Medical middlemen catch childhood malnutrition before it becomes life-threatening
By Mike Pflanz
HARGEISA, Northwest Somalia “Somaliland”, 20 December 2010 – Salman Haji stood solemnly watching the man in the white coat searching papers spread across the table in the tin-walled hut open to the morning breeze.
Finally, Ali Mayag Muse found the yellow medical card which recorded details of the four-year-old’s last visit to this mobile clinic on the outskirts of Hargeisa, Somaliland’s capital.
“He was improving, but now there are signs again of malnutrition, and of an underlying chronic respiratory illness,” Mr. Muse told Salman’s mother, Hodan Mohamed, as her son struggled to contain a sudden coughing fit.
Mr. Muse is a supervisor of an innovative scheme to bring health care to people across Somalia who would otherwise struggle to find it. The project is implemented with support from UNICEF, and funding from the European Commission Humanitarian Aid Department (ECHO), UK Department for International Development (DfID), Governments of Italy, Spain, and Denmark, as well as the Italian and French National Committees for UNICEF, and Somalia Common Humanitarian Fund (CHF).
The Outpatient Therapeutic Programme aims to catch children before malnutrition becomes so severe that other deadly illnesses – tuberculosis, diarrhoea and pneumonia chief among them – can take hold.
The weight and height of the children are measured, as is the circumference of their upper arms, to create a weekly snapshot of each child’s nutrition status, which is then checked against records from previous visits.
Plumpy’nut© – a pre-packaged high-nutritional quality peanut paste specially formulated to treat severe acute malnutrition – are handed out, as are Vitamin A supplements and zinc tablets to treat diarrhoea, where appropriate. Children with underlying complaints – like Salman – may be started on a course of antibiotics.
Appointments are made for the child to return for further check-ups in the coming weeks, and health workers living nearby are tasked with regular monitoring to make sure there is no sudden deterioration.
For Ms. Mohamed, Salman’s mother, and the dozens of other mothers dressed in bright shawls who gathered one recent Saturday morning to have their children examined, there are few other options if their children fall sick.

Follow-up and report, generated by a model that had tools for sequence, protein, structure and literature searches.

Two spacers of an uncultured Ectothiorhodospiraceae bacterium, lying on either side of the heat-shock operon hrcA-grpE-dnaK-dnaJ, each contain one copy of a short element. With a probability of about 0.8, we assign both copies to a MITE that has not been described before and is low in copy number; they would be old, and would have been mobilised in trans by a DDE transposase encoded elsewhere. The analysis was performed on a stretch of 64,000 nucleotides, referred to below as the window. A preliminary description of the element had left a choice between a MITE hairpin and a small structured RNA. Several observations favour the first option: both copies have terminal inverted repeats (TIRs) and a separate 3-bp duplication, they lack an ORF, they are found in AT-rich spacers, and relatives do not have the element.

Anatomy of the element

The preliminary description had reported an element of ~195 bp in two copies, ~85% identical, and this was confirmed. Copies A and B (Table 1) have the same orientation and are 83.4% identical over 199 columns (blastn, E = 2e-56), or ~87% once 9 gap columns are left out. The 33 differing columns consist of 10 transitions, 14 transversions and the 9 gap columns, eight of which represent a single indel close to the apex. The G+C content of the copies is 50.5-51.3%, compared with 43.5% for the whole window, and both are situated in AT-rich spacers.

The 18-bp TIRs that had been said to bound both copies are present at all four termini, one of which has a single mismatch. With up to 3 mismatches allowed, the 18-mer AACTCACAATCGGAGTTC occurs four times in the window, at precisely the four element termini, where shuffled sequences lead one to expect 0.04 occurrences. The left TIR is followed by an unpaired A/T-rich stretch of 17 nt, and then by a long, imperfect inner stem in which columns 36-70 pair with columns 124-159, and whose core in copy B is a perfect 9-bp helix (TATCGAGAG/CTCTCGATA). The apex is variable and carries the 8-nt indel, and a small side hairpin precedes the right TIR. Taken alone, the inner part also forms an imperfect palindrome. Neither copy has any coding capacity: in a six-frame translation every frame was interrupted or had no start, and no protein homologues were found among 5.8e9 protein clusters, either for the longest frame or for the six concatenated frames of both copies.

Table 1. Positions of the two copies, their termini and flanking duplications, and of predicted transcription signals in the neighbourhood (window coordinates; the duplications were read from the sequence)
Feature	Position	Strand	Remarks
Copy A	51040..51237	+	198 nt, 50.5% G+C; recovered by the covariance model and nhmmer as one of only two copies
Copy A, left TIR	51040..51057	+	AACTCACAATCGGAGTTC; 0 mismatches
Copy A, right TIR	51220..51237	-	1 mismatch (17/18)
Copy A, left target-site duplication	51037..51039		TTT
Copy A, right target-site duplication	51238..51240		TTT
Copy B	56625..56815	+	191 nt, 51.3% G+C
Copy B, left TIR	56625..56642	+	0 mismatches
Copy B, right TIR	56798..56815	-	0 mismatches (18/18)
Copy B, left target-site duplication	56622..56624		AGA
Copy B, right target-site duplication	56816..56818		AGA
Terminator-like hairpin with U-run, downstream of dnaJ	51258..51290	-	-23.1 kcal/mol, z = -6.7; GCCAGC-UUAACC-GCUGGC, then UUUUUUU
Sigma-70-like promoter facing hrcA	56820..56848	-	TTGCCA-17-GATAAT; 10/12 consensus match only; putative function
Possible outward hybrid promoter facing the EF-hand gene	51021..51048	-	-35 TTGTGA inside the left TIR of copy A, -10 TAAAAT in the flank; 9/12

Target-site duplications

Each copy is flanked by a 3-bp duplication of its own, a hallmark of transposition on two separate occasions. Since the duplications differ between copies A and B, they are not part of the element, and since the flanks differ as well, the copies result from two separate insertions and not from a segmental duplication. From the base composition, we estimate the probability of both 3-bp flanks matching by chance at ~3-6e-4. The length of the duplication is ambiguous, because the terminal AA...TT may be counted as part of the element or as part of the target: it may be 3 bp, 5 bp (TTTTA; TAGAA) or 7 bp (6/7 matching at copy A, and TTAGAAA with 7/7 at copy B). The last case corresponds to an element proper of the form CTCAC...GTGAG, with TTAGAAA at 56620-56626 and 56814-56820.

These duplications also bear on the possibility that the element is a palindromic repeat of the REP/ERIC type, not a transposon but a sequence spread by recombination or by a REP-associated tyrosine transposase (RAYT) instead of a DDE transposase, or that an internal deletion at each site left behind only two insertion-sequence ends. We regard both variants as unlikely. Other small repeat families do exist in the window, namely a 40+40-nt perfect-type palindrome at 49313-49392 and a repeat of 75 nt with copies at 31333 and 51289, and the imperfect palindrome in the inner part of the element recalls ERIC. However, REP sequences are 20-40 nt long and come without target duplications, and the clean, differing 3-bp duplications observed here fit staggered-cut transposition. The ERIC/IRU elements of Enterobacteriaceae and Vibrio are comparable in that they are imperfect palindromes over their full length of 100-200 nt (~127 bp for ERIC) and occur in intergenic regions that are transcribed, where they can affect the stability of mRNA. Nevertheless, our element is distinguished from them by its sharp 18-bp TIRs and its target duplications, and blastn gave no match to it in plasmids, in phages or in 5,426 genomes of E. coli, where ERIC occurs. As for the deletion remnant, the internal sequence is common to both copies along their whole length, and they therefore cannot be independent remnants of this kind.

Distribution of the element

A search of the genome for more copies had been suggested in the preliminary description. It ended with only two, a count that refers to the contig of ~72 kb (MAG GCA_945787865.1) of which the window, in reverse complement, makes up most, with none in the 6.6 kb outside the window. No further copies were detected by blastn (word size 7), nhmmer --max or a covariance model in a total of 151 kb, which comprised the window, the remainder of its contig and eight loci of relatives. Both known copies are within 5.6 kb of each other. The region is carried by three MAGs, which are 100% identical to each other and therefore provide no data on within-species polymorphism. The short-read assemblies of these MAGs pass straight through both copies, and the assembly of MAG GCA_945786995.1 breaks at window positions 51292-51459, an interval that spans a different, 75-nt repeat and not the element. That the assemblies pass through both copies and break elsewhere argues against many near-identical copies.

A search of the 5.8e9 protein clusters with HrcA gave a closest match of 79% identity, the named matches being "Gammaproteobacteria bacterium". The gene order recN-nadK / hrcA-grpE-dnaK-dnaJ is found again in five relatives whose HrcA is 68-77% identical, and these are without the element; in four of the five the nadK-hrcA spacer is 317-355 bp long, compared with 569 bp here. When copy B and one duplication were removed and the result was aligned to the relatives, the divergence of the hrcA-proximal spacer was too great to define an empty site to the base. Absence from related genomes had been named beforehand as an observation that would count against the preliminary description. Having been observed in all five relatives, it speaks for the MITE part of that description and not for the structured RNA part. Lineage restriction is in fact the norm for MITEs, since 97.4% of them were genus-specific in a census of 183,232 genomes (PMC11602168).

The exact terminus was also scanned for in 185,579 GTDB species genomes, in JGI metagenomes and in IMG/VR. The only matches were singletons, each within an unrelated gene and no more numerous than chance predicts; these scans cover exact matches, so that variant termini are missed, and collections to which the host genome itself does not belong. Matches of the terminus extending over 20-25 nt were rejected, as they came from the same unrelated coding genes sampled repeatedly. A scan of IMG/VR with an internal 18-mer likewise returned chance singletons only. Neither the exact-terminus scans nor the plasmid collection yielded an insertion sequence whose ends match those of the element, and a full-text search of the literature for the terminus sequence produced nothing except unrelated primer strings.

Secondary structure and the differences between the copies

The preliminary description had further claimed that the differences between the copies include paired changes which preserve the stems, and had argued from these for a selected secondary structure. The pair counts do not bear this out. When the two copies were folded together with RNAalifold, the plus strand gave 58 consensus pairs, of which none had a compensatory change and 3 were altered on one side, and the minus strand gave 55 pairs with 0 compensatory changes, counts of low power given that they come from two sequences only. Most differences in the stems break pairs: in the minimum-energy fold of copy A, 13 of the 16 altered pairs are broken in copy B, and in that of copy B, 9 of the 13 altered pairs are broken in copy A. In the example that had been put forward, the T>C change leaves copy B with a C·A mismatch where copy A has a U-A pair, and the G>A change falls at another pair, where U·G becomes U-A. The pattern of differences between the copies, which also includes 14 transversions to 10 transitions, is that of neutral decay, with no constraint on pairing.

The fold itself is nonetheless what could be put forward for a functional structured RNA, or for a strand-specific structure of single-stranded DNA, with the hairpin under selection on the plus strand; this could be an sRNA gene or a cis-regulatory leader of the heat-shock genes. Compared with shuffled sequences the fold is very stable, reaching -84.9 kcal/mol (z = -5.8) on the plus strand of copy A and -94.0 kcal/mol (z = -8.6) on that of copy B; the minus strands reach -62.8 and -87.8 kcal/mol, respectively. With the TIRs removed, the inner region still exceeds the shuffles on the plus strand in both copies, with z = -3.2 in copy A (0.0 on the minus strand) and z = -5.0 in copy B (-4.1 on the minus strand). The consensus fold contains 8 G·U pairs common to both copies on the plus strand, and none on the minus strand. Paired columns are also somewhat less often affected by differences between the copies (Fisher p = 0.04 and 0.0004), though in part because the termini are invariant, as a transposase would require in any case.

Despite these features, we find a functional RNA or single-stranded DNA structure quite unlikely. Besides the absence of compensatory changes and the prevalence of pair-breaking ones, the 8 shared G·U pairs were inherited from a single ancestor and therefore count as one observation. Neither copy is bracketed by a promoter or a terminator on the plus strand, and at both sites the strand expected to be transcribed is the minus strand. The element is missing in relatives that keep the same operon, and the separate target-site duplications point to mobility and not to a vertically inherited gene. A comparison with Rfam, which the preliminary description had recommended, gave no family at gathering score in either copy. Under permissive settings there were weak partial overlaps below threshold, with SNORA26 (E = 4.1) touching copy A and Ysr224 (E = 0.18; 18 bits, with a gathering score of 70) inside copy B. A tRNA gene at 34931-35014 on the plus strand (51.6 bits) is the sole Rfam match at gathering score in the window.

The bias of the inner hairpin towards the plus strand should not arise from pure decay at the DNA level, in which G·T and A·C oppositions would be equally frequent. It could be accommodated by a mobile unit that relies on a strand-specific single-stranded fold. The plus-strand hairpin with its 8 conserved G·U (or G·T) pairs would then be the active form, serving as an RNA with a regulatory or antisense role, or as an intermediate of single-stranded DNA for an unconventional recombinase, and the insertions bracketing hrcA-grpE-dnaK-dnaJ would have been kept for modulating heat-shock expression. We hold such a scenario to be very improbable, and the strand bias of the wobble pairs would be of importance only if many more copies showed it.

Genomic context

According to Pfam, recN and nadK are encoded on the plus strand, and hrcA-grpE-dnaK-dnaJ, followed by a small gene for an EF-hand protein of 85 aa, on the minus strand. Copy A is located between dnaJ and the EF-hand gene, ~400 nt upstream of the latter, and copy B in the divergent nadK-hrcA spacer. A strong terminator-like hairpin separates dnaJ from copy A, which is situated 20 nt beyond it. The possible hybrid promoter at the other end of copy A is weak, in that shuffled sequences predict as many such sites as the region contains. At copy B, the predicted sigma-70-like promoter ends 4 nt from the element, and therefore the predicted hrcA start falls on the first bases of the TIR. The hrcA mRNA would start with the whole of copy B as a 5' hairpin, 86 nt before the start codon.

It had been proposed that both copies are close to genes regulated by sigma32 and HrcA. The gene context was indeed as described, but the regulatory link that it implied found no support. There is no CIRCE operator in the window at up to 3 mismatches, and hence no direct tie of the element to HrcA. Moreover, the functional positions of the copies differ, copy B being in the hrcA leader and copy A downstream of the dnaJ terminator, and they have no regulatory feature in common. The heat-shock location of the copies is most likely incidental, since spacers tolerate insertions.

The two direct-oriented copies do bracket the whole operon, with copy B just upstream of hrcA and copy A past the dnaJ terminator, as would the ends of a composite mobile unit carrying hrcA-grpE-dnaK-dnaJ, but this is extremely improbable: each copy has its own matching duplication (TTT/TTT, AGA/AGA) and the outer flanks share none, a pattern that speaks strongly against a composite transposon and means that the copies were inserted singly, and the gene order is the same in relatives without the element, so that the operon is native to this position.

“Before, I had to find money to go to the private hospital or the pharmacy, and even then the medicines they gave helped only temporarily,” said Ms. Mohamed, 23.
“If I had no money, there was nothing I could do. Here, I am getting advice, I feel that they are following-up and checking how the children are progressing, whether the special food is working, what more can be done to help.”
UNICEF’s Outpatient Therapeutic Programme operates in 33 fixed sites across Somaliland, and a dozen mobile teams roam to 123 locations in remote areas to intersect with nomadic people herding their livestock.
In the first 10 months of 2010, 90 per cent of the more than 6,000 children treated in Somaliland for severe acute malnutrition recovered.
But UNICEF estimates that it reaches only half of those in need in Somaliland, the semi-autonomous region on the Gulf of Aden in Somalia’s far north, bordering Ethiopia and Djibouti.
Asha Mohamed’s nine-month-old daughter, Ayan, was one of those still beyond the reach of the programme, in their remote village a 24-hour journey to the south of Hargeisa.
“She was sick for a month, and getting worse and worse. I spoke with my relatives and they sent us to a herbalist, which did not work, then to a pharmacy, but that did not work either,” Ms. Mohamed said.
“Finally, I made the decision on my own to get a truck to come to Hargeisa. It was a day and a night on the road, and Ayan was so sick and exhausted. Finally, we were told to come here, and now she is recovering so fast.”
“Here” is Hargeisa Group Hospital, where UNICEF supports a special ward giving round-the-clock treatment to children whose severe malnutrition is compounded with other medical complications.
It is one of Somaliland’s three ‘stabilisation centres’ for inpatient treatment, the step above the outpatient programme for the most serious cases.
Infants are slowly brought back to strength with measured interventions first to stabilise their condition, then to boost their appetite, and then to regain weight.
“It can kill a malnourished child to rush in to treat the malnutrition, first we need to treat the complications,” said Hawale Abdullahi, the stabilisation centre’s supervisor.
An average of 40 cases are admitted to the centre each month – but Mr. Abdullahi has hope that those numbers will drop if the outpatient programme can be expanded.
Zivai Mururi, UNICEF’s Nutrition Specialist based in Hargeisa, agrees.
“Children can deteriorate so quickly to the point where their severe malnutrition is difficult to manage,” he said.
“That’s why the stabilisation centres are there, but it’s also why we are trying to widen the reach of the outpatient programme, to catch children before complications set in.
“Then it’s so much easier to manage, it’s much less expensive than inpatient care, and in a short period, all of them are going to get better.”